Until the fall of 1889 Captain Dayton was master of the schooner Consueio, and closed the season as mate of the propeller Clyde, of the Lehigh Valley line, sailed by Captain Condon, whom our subject respected as much as he would his own father. In 1888 he was mate of the Oceanica, also under Captain Condon, and master of the Fred Mercur during 1889-90. During the season of 1891 he was master of the propeller Cumberland, owned by J. C. Gilchrist, of Cleveland, and for that of 1892 he acted as mate of the Massaba part of the time, following with one trip as master of the Italia, and closing the season as master of the Wocoken. Lake men will doubtless recall that 1892 was the season when the steamer Western Reserve became a wreck and a total loss on August 27, in a fearful gale on Lake Superior which compelled vessels of all descriptions to turn back and seek shelter. It was during that gale that Captain Dayton was making the trip in the Italia above mentioned; he did not put back, but went on under the lee of the north shore and pursued his course to Duluth, arriving only four hours behind time. In the spring of 1893 he was master of the tug C. E. Benham long enough to take her from Cleveland to Marquette and deliver her to the owners; he finished that season as mate of the propeller John B. Lyon. During the seasons of 1894-95-96 he was mate of the Iron King, D. W. Arnold, and Samuel Marshall, the last two vessels being in the lumber trade. Captain Dayton is a member of the Ship Masters Association and carries Pennant No. 597; is also a member of the Catholic Mutual Benevolent Association.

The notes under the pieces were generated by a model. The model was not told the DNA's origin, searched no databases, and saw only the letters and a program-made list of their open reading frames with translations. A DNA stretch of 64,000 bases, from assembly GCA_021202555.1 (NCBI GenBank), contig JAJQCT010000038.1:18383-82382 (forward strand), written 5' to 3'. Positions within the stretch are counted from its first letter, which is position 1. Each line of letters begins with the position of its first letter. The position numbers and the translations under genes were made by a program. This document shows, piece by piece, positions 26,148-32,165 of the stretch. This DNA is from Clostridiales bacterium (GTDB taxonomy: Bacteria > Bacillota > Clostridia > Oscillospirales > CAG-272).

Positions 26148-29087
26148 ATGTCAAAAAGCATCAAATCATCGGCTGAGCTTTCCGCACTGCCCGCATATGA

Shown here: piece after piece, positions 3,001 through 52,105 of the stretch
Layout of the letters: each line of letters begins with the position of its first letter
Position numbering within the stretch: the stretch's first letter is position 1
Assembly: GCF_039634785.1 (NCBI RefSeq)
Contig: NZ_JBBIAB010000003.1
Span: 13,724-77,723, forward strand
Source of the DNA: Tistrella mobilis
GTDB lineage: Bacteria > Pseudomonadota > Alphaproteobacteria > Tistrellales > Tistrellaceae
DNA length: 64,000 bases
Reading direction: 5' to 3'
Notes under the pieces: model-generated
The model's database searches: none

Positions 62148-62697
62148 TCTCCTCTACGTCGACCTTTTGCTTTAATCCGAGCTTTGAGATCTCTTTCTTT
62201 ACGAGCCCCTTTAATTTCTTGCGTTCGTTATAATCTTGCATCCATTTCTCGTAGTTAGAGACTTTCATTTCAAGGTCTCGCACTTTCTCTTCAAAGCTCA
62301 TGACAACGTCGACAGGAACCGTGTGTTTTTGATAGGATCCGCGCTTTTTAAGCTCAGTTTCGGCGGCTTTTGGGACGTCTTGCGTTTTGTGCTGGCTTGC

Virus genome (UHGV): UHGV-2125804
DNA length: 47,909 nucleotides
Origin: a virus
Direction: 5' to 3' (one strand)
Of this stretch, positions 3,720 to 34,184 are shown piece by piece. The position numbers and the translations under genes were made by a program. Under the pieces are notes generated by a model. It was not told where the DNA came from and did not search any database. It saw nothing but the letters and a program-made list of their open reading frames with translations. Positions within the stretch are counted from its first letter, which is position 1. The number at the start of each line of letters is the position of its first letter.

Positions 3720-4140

Our subject was first married in Ottawa, Canada, in 1873, to Miss Mary Dunn, and by her had one daughter, Mary Elizabeth, who is the wife of Ralph C. Blodgett, son of Capt. C. C. Blodgett, a vessel owner of fifty years' standing. Mrs. Dayton died March 12, 1885, after which Captain Dayton placed his daughter in a convent, where she was educated. His second marriage, November 25, 1891, was to Miss Margaret Emma Kale, whom he met in Detroit and wedded in Cleveland, Ohio. They reside at No. 1260 West Avenue, Buffalo.
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This version of Volume II is based, with permission, on the work of the great volunteers at the Marine Captains Biographies site. To them goes the credit for reorganizing the content into some coherent order. The biographies in the original volume are in essentially random order.
Some of the transcription work was also done by Brendon Baillod, who maintains an excellent guide to Great Lakes Shipwreck Research.